Major international retailer Walmart announced in late September that it aims to replace all of the fossil-fuel vehicles in its logistics fleet with ones that use zero-emission powertrain technologies by 2040. This plan will create additional demand for tens of thousands of electric trucks and tractors over the next two decades if it is carried out in full.
Facing the growing crisis of climate change, Walmart recently laid out a path to zero emission for all parts of its operations, including logistics. The goal is to have the company align with the emission targets of the Paris Agreement 10 years ahead of the implementation schedule established under the same accord. The Paris Agreement wants to attain a “carbon-neutral world” by 2050, whereas Walmart wants to attain zero emission for its facilities, vehicles, and equipment by 2040.
As one of the world’s largest and most profitable companies, Walmart currently has around 11,200 store locations worldwide, an e-commerce platform, and a 24-hour delivery service. Its logistics fleet travels a total of around 1.1 billion kilometers annually. The reduction in air pollution and greenhouse gases would be enormous if all vehicles in this fleet are electrified.
Responding to the calls for more sustainable practices, Walmart has been steadily reducing its carbon footprints in the recent years. The company continues to improve the fuel efficiency of its conventional trucks. It also ordered 40 units of the Tesla Semi between 2017 and 2018. The Tesla Semi is an electric long-haul truck that is currently under development.
▲ The steps that Walmart has taken to achieve carbon neutrality by 2040 raise the question of whether meeting this ambitious goal will be beneficial or detrimental to the company’s revenue performance.
The effects of Walmart’s decision to adopt zero-emission trucks extend beyond just the creation of additional demand in the EV market. Walmart is a partner of Electrify America, which is one of the largest EV charging network in the US. As of now, Electrify America has already installed more than 120 ultra-fast charging stations at Walmart’s store locations. Deeper collaboration between this global retailer and EV infrastructure developers could set the foundation for the electrification of logistics services in the US.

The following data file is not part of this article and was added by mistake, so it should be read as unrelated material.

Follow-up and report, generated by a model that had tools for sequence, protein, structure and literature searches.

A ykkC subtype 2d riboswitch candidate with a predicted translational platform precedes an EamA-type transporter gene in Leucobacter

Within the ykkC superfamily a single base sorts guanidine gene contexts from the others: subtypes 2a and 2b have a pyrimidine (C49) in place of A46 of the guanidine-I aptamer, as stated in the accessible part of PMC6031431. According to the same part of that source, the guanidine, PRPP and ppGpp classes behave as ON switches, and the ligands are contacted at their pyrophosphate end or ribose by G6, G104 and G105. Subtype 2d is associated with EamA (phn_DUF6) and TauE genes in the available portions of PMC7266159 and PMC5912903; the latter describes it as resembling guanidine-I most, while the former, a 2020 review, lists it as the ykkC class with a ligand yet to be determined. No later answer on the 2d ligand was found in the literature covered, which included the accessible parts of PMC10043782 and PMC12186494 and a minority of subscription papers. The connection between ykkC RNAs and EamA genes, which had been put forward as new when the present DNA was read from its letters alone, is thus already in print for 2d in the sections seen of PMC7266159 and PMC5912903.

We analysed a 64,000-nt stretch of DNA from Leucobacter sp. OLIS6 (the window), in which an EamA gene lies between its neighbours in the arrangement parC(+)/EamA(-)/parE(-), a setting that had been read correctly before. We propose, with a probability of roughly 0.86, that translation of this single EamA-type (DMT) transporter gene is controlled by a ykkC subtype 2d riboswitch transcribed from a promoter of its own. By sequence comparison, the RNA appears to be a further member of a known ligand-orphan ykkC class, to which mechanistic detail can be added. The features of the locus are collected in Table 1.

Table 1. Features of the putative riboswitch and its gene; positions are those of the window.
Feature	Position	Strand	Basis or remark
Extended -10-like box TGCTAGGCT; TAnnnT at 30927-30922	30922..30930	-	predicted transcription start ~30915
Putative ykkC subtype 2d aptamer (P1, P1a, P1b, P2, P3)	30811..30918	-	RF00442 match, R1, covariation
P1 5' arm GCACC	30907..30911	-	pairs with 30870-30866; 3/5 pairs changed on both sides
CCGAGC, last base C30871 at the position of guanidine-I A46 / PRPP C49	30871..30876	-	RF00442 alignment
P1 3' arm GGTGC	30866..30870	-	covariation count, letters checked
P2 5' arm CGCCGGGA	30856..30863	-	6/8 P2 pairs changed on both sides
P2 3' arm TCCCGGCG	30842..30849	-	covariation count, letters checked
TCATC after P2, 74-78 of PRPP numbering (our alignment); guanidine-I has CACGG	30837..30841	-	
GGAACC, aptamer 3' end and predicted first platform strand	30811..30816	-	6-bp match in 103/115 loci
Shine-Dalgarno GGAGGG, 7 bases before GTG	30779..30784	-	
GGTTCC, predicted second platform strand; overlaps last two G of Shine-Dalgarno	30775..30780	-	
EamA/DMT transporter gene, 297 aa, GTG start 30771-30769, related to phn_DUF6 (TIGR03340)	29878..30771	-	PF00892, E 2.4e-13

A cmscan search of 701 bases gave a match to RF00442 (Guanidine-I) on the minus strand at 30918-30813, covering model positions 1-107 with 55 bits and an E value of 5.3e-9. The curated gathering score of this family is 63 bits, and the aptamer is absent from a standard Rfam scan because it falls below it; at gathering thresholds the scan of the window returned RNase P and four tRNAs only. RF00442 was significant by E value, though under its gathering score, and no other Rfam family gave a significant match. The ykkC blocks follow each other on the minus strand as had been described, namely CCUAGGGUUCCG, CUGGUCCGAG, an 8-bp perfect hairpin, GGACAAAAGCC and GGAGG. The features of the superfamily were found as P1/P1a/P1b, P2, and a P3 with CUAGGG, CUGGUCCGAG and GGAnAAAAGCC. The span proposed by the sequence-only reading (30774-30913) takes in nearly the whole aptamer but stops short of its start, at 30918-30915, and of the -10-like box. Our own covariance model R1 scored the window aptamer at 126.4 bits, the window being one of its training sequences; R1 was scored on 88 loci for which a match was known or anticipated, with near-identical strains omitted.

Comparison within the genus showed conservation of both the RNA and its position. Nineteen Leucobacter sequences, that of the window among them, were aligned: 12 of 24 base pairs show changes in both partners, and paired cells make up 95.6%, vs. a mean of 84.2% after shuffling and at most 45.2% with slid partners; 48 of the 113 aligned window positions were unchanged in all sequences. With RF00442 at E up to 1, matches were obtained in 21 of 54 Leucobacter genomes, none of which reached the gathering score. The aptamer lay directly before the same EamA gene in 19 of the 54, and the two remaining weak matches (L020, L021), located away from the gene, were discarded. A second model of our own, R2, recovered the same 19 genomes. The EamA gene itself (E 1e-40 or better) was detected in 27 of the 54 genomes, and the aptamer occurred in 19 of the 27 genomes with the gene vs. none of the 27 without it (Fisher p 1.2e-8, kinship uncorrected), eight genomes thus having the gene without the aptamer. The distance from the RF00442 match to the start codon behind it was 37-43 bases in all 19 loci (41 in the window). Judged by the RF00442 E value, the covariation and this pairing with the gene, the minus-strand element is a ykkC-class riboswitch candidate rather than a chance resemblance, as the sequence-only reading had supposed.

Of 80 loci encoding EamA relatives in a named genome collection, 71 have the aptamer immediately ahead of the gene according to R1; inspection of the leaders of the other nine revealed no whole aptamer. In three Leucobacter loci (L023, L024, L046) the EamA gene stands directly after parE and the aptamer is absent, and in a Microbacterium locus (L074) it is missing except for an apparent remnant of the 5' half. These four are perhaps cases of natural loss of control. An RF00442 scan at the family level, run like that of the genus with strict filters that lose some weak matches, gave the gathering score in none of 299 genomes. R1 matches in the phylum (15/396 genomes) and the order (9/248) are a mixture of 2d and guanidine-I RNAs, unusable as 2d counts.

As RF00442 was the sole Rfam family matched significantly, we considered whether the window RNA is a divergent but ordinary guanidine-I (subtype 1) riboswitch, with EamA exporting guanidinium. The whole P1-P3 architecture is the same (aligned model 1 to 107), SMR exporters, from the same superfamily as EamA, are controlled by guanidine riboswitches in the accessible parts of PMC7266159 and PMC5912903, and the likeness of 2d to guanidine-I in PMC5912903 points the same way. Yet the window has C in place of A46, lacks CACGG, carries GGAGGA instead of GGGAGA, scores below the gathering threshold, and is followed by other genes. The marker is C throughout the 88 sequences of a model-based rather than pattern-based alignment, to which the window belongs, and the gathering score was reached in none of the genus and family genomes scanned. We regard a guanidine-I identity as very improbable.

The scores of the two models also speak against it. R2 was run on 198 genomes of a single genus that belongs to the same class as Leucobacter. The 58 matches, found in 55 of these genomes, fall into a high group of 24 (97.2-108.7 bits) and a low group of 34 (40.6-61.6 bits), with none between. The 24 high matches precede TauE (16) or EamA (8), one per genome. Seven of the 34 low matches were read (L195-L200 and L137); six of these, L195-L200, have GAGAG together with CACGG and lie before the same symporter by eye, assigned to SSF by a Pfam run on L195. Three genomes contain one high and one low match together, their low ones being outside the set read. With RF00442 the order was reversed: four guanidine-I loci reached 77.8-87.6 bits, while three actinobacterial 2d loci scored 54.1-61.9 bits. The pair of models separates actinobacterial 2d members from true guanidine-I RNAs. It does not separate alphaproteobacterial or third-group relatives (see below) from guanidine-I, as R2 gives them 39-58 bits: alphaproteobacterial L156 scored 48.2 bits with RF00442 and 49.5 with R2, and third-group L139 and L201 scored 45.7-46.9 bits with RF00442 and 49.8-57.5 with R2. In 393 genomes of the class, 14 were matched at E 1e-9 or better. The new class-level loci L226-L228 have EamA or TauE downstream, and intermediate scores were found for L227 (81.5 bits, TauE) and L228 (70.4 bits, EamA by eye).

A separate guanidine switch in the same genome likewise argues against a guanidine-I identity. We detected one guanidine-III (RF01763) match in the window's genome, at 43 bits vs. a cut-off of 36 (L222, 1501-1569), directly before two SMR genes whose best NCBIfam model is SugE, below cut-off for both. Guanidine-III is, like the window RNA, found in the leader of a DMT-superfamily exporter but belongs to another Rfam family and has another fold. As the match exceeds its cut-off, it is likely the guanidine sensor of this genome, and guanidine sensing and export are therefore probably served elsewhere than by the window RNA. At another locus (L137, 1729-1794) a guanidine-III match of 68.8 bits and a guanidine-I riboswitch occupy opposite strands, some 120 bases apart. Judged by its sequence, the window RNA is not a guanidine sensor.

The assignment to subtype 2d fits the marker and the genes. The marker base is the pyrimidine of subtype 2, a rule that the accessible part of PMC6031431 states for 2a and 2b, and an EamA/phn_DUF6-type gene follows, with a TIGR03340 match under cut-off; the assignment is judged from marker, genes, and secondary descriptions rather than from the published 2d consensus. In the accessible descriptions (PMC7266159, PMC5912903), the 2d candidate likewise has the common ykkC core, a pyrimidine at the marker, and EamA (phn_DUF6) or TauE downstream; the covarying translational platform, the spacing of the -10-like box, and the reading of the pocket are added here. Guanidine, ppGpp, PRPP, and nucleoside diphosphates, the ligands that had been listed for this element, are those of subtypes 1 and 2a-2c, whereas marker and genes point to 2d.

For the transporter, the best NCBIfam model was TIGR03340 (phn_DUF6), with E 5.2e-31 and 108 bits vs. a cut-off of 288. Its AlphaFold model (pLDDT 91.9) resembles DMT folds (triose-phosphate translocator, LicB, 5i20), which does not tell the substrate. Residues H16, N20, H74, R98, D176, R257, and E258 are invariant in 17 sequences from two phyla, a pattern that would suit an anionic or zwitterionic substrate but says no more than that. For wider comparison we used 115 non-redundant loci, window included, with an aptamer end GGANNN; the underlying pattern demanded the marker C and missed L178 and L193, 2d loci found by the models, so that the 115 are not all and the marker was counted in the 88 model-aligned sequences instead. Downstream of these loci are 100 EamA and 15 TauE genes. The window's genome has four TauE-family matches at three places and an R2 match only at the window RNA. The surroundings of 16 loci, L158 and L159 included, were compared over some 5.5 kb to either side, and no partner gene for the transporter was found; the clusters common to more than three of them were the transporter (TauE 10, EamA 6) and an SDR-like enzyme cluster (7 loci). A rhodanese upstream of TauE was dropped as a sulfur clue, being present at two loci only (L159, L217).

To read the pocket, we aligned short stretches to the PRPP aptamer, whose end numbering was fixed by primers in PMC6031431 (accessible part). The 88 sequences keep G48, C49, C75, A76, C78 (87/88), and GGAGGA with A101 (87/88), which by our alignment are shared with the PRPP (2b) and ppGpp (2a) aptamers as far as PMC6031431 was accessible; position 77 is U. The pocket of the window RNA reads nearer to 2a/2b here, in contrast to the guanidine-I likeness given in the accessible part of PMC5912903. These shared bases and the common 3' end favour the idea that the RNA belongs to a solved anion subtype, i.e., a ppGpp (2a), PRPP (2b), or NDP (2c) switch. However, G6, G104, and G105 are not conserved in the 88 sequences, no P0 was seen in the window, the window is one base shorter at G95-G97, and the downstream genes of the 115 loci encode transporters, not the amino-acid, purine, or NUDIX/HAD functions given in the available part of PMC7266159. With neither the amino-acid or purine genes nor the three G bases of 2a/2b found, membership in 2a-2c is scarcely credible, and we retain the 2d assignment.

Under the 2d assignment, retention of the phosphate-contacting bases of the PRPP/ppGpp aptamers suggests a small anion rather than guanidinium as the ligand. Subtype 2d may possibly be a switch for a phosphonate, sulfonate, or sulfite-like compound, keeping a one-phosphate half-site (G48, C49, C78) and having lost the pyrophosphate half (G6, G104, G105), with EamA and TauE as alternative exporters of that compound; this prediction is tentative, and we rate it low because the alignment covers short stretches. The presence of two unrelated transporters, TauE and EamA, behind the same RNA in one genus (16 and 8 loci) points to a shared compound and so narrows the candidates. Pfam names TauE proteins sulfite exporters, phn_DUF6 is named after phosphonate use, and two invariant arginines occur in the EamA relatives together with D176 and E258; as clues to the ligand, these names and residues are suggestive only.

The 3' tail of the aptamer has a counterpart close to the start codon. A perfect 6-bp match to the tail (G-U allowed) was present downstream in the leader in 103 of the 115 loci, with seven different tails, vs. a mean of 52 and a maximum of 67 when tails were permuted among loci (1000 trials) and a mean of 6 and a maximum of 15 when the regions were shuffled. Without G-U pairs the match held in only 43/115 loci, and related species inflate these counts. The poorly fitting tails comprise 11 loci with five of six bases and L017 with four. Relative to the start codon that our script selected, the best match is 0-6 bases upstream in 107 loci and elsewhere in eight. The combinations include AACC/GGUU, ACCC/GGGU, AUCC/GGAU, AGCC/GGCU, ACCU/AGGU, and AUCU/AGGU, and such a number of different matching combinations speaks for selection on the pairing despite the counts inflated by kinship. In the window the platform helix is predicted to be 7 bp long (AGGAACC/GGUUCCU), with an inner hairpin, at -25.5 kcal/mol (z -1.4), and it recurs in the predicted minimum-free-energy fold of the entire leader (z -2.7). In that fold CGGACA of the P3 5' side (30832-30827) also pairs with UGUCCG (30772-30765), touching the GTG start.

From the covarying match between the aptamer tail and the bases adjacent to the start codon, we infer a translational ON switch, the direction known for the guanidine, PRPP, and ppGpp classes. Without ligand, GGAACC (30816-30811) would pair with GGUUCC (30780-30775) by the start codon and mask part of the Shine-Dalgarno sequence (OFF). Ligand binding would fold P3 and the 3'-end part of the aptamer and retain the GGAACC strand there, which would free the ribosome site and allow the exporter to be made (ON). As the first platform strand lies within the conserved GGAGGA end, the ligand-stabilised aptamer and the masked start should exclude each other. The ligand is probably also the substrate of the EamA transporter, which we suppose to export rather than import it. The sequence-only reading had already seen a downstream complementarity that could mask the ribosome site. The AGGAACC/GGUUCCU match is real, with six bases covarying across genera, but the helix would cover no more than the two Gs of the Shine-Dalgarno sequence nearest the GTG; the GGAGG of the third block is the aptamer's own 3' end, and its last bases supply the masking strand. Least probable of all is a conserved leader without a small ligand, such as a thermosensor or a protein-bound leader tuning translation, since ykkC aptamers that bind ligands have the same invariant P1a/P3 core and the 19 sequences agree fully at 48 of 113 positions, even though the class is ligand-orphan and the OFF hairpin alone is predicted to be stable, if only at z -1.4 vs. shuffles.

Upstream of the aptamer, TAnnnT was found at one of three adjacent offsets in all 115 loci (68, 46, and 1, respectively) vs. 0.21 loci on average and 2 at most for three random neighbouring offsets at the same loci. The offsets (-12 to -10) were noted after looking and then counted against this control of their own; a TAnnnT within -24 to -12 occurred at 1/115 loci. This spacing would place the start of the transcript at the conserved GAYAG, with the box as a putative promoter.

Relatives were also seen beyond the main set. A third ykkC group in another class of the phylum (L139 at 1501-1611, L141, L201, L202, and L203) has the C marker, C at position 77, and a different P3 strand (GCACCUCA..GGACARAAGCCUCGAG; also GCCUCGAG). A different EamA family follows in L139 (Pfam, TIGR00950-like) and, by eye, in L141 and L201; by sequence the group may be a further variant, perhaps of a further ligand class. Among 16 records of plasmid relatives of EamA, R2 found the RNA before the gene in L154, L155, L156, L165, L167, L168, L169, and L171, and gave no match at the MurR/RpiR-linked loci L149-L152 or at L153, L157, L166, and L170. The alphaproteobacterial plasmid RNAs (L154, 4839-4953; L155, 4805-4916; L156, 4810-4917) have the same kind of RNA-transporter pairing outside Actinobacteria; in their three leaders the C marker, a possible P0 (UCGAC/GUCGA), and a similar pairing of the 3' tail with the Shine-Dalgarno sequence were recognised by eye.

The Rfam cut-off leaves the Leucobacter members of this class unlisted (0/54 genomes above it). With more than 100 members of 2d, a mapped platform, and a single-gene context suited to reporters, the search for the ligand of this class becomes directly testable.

Besides transitioning to EVs, Walmart is gradually eliminating carbon emissions in other parts of its operations. According to its zero-emission strategy, Walmart will be sourcing electricity exclusively from renewable generation for powering its stores, warehouses, and other facilities by 2035. Meeting this objective will require the company to ramp up the installation of solar panels and green energy equipment at its service points worldwide. At the same time, the company will have to purchase a significant amount of electricity from renewable energy projects such as wind farms. After all, there are more than 10,000 Walmart stores across the globe.
Since its establishment, Walmart has been criticized for incidences of non-compliance with environmental regulations and labor laws. However, its recent pronouncements and actions indicate that it is trying to align with the global shift toward carbon neutrality. The company is therefore worthy of some recognition for promoting the adoption of renewable energies and EVs.
(Image credits: Walmart.)